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Re: bash sends SIGHUP to disowned children in non-interactive mode

From: Philip
Subject: Re: bash sends SIGHUP to disowned children in non-interactive mode
Date: Wed, 28 Dec 2011 23:57:14 +0100

> It may receive a SIGHUP, but you haven't demonstrated that it's bash
> sending the SIGHUP.  Since job control isn't enabled, it's most likely
> that the SIGHUP xterm sends to the process group when you hit the close
> button gets to xclock because it's in the same process group as bash.
> Bash only sends SIGHUP to running jobs of an interactive login shell when
> the `huponexit' option is set.  It will resend SIGHUP to running jobs
> if they haven't been disowned, but the background-process-inside-a-subshell
> business means xclock isn't a child process or job of the shell anyway.
Yes that why used that background-process-inside-a-subshell because I thought
is was a good way to make sure that it won't be a job of the shell.
I didn't get anywhere with the strace yet but figured out (thanks to you and 
that I get a different behavior with job control enabled.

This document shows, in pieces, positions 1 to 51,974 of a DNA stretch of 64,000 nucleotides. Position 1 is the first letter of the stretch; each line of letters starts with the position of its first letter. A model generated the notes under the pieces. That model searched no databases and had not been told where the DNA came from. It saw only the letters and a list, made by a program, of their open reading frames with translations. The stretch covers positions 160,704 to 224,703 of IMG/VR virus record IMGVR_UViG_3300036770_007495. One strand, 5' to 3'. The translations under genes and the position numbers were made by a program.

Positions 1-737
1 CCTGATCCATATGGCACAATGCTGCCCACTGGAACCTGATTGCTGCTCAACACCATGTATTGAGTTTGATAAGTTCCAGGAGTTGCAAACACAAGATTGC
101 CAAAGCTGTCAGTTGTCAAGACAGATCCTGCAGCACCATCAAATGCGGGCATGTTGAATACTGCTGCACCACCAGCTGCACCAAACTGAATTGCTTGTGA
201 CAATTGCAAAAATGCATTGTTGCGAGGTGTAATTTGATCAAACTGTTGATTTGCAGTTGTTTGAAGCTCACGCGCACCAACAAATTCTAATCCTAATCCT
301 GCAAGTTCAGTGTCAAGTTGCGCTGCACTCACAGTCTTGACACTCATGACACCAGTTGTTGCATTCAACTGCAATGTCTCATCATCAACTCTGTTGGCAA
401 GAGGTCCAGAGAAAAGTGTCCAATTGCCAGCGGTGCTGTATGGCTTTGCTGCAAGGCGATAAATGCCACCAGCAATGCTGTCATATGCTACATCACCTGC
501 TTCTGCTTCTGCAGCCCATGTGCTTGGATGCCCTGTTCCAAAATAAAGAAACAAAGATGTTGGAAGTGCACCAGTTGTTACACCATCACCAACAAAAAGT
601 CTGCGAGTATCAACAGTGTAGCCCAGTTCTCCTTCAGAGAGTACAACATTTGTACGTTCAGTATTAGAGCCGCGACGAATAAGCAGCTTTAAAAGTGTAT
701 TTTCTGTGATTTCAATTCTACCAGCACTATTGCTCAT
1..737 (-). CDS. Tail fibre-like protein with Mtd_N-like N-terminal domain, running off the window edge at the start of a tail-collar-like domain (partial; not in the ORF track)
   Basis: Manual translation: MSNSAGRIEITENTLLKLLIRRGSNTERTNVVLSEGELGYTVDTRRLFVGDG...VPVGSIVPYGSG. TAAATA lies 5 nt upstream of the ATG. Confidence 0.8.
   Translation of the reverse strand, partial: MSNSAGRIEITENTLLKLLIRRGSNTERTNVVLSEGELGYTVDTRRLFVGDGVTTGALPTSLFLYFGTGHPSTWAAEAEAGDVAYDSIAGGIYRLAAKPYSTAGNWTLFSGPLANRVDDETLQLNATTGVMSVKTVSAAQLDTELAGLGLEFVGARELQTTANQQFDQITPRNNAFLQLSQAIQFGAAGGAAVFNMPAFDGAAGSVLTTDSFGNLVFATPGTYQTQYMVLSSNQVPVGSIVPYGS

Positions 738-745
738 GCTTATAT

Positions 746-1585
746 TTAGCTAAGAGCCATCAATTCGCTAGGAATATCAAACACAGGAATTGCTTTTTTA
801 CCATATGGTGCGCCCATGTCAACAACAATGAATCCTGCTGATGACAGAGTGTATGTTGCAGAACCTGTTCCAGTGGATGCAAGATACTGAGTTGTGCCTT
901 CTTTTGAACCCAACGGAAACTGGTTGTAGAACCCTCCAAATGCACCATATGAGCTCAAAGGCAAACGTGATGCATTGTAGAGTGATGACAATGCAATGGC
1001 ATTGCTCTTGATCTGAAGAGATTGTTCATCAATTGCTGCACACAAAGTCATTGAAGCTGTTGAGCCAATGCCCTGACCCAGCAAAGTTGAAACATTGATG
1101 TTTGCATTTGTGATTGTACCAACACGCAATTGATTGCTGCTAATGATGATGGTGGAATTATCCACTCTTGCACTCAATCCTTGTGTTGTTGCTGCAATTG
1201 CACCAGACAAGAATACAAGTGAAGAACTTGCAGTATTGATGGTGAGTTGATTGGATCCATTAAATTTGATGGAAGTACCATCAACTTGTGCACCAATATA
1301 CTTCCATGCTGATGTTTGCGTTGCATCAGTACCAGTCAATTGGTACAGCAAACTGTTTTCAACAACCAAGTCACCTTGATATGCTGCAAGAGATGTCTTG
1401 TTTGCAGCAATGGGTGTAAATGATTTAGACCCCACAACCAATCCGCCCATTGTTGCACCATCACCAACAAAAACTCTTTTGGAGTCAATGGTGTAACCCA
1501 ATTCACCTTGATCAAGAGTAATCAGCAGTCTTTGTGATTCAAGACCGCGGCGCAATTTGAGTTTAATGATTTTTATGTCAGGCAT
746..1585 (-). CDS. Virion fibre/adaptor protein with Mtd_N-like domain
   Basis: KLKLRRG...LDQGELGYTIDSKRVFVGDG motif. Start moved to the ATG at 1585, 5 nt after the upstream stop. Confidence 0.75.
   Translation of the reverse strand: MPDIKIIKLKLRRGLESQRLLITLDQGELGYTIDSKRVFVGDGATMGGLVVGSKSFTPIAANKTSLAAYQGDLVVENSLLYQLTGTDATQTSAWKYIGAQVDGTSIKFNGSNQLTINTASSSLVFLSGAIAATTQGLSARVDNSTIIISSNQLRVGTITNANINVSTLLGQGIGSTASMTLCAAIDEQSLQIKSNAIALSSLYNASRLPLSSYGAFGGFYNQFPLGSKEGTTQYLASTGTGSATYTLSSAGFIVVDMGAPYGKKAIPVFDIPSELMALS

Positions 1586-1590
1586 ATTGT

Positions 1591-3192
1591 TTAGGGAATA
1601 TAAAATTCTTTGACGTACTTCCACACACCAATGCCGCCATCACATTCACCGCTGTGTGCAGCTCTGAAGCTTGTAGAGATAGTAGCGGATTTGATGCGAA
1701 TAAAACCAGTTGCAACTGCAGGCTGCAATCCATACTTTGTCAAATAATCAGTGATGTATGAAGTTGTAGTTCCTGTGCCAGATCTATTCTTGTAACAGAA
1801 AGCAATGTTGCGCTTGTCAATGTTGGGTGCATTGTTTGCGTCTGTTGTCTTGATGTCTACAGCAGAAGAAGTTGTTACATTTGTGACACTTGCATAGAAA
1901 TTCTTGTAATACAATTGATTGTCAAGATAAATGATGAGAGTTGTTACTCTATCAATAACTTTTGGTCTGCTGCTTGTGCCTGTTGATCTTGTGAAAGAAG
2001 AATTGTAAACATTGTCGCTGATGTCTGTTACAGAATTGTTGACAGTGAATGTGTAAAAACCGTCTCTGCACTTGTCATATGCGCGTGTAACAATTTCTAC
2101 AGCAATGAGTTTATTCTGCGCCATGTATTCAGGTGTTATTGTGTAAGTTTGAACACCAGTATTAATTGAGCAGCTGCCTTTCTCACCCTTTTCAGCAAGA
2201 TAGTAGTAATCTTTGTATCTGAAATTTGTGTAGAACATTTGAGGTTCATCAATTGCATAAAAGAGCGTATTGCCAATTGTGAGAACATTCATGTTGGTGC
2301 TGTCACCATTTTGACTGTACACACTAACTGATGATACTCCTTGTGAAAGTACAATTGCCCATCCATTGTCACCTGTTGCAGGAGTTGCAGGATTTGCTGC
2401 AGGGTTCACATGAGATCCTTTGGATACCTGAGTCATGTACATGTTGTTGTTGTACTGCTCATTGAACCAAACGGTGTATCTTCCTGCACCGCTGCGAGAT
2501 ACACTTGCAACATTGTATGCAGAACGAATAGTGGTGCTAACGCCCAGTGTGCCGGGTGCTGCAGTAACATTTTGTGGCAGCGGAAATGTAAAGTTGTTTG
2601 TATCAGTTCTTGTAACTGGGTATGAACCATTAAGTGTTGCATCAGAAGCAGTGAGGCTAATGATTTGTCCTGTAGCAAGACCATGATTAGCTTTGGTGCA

So let's take these two scripts, clock1.sh and clock2.sh.
I know it sounds boring but please bear with me.
set -m
xclock &
sleep 2
#!/bin/bash -i
xclock &
sleep 2
I run them with: xterm -hold -e './clock1.sh'
the -hold keeps the xterm window open after the scripts finish.
The first script works fine, xclock stays. I don't even have to
disown. The second script, xclock appears and disappears after
2 seconds. Received a SIGHUP when the script ended. The xterm
window is still there because of the -hold parameter.
I get the exact same behavior if I use "(xclock &)" instead.

So without job control bash might (I know, we don't know for sure)
send the SIGHUP to all processes started in the shell, whether child
by definition or not?
Shouldn't the -i flag enable job control by the way?


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